When you're young, it's hard to imagine being old. Losing your hair, your vision, your hearing, your memory, your brain...literally.
A study of people over 60 complaining of significant memory loss found that they had lost around 3% of the parts of the brain involved with memory.
The patients did not have Alzheimer's or MCI, which stands for mild cognitive impairment. They just had memory problems that are, at the very least, associated with the fact that their brains have shrunk.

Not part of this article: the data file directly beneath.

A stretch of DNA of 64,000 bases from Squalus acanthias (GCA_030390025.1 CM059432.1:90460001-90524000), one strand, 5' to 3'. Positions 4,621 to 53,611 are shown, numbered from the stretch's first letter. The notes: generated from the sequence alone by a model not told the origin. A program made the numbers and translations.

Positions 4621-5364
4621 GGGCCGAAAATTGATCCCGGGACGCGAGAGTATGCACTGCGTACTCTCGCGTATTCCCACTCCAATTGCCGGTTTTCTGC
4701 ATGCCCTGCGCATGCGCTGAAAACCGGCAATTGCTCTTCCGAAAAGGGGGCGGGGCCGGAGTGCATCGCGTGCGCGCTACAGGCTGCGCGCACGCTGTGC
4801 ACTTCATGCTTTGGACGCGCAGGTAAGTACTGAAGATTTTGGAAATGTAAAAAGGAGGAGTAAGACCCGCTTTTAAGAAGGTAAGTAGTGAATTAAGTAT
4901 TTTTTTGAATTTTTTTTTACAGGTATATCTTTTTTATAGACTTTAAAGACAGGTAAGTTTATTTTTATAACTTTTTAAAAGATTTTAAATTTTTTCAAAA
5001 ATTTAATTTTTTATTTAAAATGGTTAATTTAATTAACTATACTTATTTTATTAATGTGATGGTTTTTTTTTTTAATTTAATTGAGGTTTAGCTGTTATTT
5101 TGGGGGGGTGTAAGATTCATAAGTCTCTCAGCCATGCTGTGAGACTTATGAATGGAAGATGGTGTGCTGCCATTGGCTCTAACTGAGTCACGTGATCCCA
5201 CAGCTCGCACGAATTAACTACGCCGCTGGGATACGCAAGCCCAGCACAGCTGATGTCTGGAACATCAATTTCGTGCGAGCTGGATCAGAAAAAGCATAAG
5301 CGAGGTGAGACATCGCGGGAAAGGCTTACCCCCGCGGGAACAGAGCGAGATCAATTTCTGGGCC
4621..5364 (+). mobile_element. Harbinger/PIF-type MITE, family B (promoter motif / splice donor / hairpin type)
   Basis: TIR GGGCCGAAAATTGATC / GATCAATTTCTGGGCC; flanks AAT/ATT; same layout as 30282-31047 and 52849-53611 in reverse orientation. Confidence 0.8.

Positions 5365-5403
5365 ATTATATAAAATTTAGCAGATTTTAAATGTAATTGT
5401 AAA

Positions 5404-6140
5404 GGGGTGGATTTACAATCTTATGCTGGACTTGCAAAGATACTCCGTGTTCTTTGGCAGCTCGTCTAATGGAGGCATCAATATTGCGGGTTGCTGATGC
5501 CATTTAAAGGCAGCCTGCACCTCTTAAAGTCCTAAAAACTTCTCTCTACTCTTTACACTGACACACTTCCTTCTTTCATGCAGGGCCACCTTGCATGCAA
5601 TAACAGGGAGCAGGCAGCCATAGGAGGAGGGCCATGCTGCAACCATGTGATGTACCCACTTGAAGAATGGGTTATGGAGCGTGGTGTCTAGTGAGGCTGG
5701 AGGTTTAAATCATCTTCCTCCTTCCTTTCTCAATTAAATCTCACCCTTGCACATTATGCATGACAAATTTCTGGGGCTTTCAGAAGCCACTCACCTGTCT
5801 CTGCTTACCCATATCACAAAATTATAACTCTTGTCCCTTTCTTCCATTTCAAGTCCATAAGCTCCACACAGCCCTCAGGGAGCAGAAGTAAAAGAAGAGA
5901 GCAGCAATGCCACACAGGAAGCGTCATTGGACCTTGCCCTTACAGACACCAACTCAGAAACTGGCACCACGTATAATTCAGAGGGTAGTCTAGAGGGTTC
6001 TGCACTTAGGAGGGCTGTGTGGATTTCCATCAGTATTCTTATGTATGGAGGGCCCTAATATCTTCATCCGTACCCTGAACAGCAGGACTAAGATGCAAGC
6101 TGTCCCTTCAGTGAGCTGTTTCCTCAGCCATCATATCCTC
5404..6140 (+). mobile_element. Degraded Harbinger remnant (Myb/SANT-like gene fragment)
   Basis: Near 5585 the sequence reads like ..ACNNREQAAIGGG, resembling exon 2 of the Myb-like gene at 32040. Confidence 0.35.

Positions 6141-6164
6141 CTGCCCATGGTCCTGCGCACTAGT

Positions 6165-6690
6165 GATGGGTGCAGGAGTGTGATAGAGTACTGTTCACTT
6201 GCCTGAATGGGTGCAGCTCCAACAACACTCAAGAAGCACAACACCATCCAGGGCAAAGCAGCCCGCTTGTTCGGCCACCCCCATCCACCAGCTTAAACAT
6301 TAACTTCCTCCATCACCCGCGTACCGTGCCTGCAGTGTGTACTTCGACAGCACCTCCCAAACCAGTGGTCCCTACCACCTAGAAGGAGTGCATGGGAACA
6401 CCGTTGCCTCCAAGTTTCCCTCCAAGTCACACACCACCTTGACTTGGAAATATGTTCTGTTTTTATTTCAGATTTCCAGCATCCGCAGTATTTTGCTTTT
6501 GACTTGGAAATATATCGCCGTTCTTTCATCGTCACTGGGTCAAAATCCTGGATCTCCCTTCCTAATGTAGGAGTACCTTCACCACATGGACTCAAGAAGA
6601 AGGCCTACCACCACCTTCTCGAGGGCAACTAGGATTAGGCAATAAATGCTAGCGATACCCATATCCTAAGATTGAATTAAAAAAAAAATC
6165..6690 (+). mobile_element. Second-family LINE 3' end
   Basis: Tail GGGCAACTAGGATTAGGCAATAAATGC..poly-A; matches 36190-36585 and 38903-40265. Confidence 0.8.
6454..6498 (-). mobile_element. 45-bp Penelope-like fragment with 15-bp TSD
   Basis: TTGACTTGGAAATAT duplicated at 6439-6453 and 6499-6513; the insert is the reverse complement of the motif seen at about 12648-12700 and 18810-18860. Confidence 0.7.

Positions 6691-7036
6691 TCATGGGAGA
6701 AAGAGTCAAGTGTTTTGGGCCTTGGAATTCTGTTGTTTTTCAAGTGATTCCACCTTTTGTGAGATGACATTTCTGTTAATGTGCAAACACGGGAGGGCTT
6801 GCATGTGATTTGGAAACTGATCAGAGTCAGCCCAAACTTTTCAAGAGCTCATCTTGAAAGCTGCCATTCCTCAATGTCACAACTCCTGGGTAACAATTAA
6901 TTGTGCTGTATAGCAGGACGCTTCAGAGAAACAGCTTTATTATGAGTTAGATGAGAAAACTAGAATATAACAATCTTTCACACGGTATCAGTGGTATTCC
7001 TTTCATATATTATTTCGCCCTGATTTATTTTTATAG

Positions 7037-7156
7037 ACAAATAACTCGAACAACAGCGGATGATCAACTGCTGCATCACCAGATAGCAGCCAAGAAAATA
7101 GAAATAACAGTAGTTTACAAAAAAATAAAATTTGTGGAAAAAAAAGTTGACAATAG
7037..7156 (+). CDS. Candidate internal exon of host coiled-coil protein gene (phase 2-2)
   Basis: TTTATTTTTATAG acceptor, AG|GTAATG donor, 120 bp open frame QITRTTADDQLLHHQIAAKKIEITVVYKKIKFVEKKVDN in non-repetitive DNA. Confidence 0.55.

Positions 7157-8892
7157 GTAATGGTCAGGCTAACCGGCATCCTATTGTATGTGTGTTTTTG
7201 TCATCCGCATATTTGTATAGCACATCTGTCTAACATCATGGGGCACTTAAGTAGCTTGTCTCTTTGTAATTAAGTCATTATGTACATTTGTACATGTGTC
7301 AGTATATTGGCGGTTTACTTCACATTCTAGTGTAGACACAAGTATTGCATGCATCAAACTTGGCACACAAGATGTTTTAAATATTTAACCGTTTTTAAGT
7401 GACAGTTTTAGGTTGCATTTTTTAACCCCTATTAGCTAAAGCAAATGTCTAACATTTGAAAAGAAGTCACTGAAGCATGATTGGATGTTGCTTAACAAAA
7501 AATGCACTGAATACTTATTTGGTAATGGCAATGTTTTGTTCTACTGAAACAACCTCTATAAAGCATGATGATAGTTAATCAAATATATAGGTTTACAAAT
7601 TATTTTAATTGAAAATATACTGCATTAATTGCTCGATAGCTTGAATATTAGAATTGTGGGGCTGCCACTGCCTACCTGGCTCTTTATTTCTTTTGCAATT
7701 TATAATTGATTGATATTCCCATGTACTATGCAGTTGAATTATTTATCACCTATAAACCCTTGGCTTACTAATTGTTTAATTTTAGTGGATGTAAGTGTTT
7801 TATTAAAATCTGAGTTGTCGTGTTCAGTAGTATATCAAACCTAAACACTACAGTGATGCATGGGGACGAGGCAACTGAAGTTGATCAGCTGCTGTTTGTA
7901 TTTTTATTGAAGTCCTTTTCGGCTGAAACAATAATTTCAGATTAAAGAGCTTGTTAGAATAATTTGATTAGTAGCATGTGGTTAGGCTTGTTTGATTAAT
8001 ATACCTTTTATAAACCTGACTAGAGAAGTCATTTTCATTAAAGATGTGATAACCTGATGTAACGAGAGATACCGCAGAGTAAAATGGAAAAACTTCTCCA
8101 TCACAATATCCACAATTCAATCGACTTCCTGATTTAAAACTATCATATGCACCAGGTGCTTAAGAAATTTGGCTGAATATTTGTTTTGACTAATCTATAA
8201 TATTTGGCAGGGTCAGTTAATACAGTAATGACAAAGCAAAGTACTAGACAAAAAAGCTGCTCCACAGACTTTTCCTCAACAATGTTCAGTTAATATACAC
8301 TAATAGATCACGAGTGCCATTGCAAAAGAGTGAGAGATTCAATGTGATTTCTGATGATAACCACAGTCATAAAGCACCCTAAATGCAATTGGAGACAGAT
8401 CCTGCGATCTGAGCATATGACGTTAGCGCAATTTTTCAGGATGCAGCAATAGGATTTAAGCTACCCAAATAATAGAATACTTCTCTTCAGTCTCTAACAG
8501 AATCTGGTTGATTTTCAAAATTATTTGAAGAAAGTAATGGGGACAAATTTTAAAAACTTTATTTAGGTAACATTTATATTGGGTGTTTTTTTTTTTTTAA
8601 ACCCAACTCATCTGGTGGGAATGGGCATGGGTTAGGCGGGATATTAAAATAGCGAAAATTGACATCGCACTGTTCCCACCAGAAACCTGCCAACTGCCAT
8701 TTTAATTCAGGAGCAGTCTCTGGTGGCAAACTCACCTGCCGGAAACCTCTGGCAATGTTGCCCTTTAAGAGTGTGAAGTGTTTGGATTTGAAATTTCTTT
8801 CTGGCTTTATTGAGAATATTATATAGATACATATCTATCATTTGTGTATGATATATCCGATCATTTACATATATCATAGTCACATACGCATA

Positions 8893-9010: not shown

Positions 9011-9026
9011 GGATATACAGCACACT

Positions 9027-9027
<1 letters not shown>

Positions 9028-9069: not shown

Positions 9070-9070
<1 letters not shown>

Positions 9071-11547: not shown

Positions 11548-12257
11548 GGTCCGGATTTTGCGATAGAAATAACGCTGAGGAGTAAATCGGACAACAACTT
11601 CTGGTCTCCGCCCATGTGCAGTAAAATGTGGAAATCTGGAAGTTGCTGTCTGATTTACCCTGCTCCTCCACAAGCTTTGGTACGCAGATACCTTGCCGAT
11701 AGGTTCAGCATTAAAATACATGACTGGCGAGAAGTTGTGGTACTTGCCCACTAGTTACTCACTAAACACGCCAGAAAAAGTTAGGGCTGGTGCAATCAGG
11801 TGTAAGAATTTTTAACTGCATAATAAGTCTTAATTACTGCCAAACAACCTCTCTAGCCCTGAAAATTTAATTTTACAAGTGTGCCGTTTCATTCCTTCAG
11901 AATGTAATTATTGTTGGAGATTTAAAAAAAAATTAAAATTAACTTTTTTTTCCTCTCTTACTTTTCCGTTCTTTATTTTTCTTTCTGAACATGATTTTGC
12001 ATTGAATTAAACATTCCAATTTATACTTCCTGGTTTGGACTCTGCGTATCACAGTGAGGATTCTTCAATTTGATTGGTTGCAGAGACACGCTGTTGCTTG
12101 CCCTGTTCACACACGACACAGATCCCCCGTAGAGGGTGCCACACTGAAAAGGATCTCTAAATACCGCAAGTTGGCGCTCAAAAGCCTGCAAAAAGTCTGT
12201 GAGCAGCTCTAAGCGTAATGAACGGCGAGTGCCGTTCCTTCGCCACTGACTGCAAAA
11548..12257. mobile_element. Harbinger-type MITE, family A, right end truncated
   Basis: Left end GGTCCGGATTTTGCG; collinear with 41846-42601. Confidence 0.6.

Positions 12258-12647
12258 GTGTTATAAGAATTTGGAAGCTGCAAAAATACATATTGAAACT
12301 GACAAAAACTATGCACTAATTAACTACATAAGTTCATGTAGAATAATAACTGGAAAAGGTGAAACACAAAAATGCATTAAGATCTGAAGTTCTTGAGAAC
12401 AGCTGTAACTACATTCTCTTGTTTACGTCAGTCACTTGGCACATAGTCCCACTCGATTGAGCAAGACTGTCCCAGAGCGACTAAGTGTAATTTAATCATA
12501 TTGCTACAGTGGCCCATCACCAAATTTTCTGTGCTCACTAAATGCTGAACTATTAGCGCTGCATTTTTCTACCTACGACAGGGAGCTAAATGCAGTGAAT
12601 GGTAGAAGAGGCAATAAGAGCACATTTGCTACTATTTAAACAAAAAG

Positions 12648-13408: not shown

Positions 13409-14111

What does this mean?
Well, it could help doctors make earlier diagnoses of MCI and Alzheimer's. While older people with memory problems lost 3% of their grey matter, those with MCI lost nearly 4%; there seems to be a continuum. Losing part of your brain could mean that you're bound to lose more, and graduate from normal memory loss to something more serious, like Alzheimer's.
Also, knowing more about how memory loss is connected to loss of brain matter could help scientists come up with better drugs and treatments for Alzheimer's and other diseases.